“What makes it have meaning,” I said to Jon as we sat by the bonfire, “is doing it, year after year.” That’s what makes it a ritual. And showing up when it’s really cold or raining or snowing or even the night after because the Solstice falls on a night we can’t have the fire, doing it one way or another is what matters.
Even if it’s lighting a candle on the kitchen table.
I’m getting good at making those pyres. I fill the middle with cardboard then soak it in gasoline. We still have piles of branches from the maple that fell a year ago. We’ll have enough wood for a few more Solstice and Equinox bonfires.
Jon always gets cold quicker than me. But last night he stayed at the fire longer than usual because Zip showed up. The two cuddled together till the flames were a low glow.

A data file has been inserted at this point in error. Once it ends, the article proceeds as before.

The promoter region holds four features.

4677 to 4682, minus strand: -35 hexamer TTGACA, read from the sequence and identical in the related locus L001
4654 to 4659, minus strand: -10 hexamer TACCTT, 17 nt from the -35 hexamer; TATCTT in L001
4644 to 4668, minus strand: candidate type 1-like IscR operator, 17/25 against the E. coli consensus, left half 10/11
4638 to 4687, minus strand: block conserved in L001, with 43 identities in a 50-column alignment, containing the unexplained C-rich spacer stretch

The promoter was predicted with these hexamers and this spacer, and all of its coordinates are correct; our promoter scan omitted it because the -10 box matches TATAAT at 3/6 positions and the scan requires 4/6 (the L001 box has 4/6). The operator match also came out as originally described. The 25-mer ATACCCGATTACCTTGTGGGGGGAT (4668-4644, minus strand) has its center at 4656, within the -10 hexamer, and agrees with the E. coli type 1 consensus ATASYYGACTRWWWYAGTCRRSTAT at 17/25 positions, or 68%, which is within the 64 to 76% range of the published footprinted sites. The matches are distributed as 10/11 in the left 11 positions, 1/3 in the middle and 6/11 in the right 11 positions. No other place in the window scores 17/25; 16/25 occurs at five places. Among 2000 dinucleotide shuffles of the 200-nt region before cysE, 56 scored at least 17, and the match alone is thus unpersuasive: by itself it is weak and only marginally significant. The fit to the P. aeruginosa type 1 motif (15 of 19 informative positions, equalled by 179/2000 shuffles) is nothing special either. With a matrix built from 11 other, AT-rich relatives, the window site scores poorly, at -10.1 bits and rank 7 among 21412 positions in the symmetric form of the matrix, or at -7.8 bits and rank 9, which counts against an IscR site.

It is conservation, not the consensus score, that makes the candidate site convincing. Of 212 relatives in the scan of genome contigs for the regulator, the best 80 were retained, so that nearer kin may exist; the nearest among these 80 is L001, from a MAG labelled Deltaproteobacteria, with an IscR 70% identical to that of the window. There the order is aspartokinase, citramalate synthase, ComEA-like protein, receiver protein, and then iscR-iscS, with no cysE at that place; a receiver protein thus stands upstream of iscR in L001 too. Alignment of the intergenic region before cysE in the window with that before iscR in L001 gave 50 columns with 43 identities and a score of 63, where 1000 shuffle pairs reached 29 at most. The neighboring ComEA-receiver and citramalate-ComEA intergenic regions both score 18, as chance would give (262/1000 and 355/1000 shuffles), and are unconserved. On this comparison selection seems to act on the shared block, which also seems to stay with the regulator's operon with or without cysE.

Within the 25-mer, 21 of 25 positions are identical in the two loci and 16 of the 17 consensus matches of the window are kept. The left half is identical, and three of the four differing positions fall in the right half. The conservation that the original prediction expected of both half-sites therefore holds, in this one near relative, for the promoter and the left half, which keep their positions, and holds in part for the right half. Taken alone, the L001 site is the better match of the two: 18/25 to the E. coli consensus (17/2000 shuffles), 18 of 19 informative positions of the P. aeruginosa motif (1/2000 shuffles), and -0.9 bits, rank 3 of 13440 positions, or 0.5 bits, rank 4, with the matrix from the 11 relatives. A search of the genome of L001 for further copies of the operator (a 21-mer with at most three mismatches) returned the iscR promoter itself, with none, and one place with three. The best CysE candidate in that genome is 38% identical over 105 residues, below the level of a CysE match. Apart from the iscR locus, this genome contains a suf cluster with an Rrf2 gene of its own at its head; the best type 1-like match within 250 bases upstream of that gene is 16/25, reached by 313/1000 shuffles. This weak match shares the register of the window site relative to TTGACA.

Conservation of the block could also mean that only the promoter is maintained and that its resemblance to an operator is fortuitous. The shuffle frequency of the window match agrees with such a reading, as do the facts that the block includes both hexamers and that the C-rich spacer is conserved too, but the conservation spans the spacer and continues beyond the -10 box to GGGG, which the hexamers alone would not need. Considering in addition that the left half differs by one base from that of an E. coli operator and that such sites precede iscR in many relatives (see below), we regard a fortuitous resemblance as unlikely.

I burned two more of my cactus that had a disease which I wanted to keep from spreading to my other plants. I’ve had them so long I let them symbolize the parts of my past that I want to let go of. I burned a long branch for a friend who had a difficult year. And I threw on the flames a deflated balloon that landed on our pasture. It had words written in Spanish on it. My best translation of them are “See you soon, my skinny one, I will always carry you in my heart. We will still be the most beautiful in October. RIP”
This is the beginning of my new year. Now the days begin to grow longer again.
But what joy to embrace the dark and be warmed by last night’s fire, with the waxing moon and Jupiter high above us and Orion rising on the horizon.